“Oh, you’re married and you’d just break my heart.” These were the words I forced from my lips as I turned on my heel and exited the room. This, from a girl who would, under ordinary circumstances, easily and happily knee a man for much, much less than what I’d just experienced. How did I get here? Two words: raising capital. And I wish I could say this was the only “indecent proposal” I received from a Portland businessman in the agonizing year I spent raising the money it took to launch the magazine you’re reading now.
I was convinced my business plan was sound, my concept captivating, my chances of success high. The first problem, it seemed, was that I was a 34-year-old woman who needed money from a relatively small group of people—and those people were mostly men. The other issue was that they all seemed to be connected, like in the first episode of Downton Abbey, when news of the Titanic disaster arrives and Lord Grantham says, after realizing his cousins were on board, “We will certainly know others.” The moneyed classes have not changed as much as one might think. Therefore, I set aside my usual tactics for warding off vile behavior. A few well-placed phone calls would have finished me.
The evening I describe above began with dinner and ended the way three others had within two weeks: me in tears, aghast at the lack of respect I’d been shown. I felt terribly alone. I didn’t want to confide in anyone in Portland—even my brother, with whom I was launching the magazine—for fear that they would want to fight my battle for me. So I called a friend of mine who was in the city magazine business on the other side of the country. He gave me sound advice: “Your best revenge is success. In a year you’ll be the media, and they’ll never know for sure when you decide it’s time to tell your story.”
That same year I attended the Oregon Entrepreneurship Awards, and I remarked to the man who brought me that I was surprised at the lack of women onstage. He replied, “Women just aren’t entrepreneurs of big businesses.” That night, I actually said to him, “I’ll see you back here in five years.” Happily, it took me only three. When I won the Entrepreneurship Award for Individual Achievement, a title bestowed to a woman only once before in the awards’ 14-year history, I received hearty congratulations all around. A fellow nominee warmly shook my hand and said: “When X said it was too bad that I lost, I said to him, ‘Did you see Nicole?’ Of course they chose her over me!” And he laughed.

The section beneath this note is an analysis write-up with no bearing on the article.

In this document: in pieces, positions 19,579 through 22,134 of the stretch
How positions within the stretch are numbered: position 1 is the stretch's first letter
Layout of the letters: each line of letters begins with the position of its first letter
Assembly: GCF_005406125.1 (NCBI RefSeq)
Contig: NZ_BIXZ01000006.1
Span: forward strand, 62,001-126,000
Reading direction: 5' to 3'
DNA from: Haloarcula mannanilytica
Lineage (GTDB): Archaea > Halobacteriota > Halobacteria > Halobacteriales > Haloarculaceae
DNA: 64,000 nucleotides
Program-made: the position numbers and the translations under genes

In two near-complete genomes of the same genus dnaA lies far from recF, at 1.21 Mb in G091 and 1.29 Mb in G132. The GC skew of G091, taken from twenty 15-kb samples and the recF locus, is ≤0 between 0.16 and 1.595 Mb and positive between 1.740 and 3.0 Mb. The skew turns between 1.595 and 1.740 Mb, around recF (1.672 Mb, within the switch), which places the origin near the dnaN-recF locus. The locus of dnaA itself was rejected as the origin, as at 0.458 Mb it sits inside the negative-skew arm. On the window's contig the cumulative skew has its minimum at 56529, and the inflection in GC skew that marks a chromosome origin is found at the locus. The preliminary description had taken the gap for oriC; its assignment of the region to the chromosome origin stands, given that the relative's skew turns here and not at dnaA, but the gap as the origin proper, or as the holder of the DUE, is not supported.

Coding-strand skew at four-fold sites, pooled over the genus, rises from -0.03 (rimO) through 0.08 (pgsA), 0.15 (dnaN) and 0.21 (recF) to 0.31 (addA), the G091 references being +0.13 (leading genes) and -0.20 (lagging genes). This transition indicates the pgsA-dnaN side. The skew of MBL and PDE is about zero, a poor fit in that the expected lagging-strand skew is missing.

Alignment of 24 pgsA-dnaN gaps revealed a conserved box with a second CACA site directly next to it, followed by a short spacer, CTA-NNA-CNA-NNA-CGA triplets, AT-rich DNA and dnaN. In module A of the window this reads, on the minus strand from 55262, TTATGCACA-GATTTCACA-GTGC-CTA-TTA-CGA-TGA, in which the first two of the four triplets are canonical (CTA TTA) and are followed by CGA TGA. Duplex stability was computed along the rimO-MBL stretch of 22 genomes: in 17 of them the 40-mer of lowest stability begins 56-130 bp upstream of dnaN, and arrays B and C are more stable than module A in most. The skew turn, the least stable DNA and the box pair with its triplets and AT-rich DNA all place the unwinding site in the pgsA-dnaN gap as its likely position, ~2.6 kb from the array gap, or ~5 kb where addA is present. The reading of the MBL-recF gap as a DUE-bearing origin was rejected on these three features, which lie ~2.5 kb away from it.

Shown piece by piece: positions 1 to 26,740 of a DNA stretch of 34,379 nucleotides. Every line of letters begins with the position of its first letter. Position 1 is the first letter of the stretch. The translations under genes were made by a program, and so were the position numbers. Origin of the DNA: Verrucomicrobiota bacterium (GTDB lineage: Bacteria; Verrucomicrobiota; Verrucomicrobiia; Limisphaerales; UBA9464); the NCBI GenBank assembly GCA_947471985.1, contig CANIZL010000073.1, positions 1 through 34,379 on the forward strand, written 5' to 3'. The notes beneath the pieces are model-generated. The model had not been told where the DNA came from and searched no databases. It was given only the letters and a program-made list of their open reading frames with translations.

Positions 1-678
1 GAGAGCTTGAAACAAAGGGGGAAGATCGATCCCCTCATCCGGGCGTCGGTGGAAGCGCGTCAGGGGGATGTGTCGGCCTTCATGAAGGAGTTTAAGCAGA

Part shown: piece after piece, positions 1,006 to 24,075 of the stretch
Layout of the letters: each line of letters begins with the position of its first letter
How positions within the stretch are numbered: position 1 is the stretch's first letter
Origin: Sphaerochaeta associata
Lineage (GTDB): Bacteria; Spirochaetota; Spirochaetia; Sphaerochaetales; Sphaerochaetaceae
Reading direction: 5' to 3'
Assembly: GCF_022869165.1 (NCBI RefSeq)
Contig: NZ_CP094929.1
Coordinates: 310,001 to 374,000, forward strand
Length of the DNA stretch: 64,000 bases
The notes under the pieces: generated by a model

Yes, he thought he was being funny. He thought he was giving me a compliment. But really, he told me that my hundreds of sleepless nights, punishing drive, and painstaking work had meant nothing—that I’d won the award because of how I looked. Would anyone say that to a man?
I’m not usually a bully-pulpit kind of gal, but it’s time to admit we have a problem. Nearly every local female CEO or entrepreneur I’ve met has a similar story. And while I owe Portland a huge debt of gratitude for embracing Portland Monthly and setting Sagacity on its way to becoming a very successful media company, my memories of that year forever altered how I feel about this city. While the rest of the country believes us to be a mecca of liberalism, we’re not quite as different as we should be. Yet.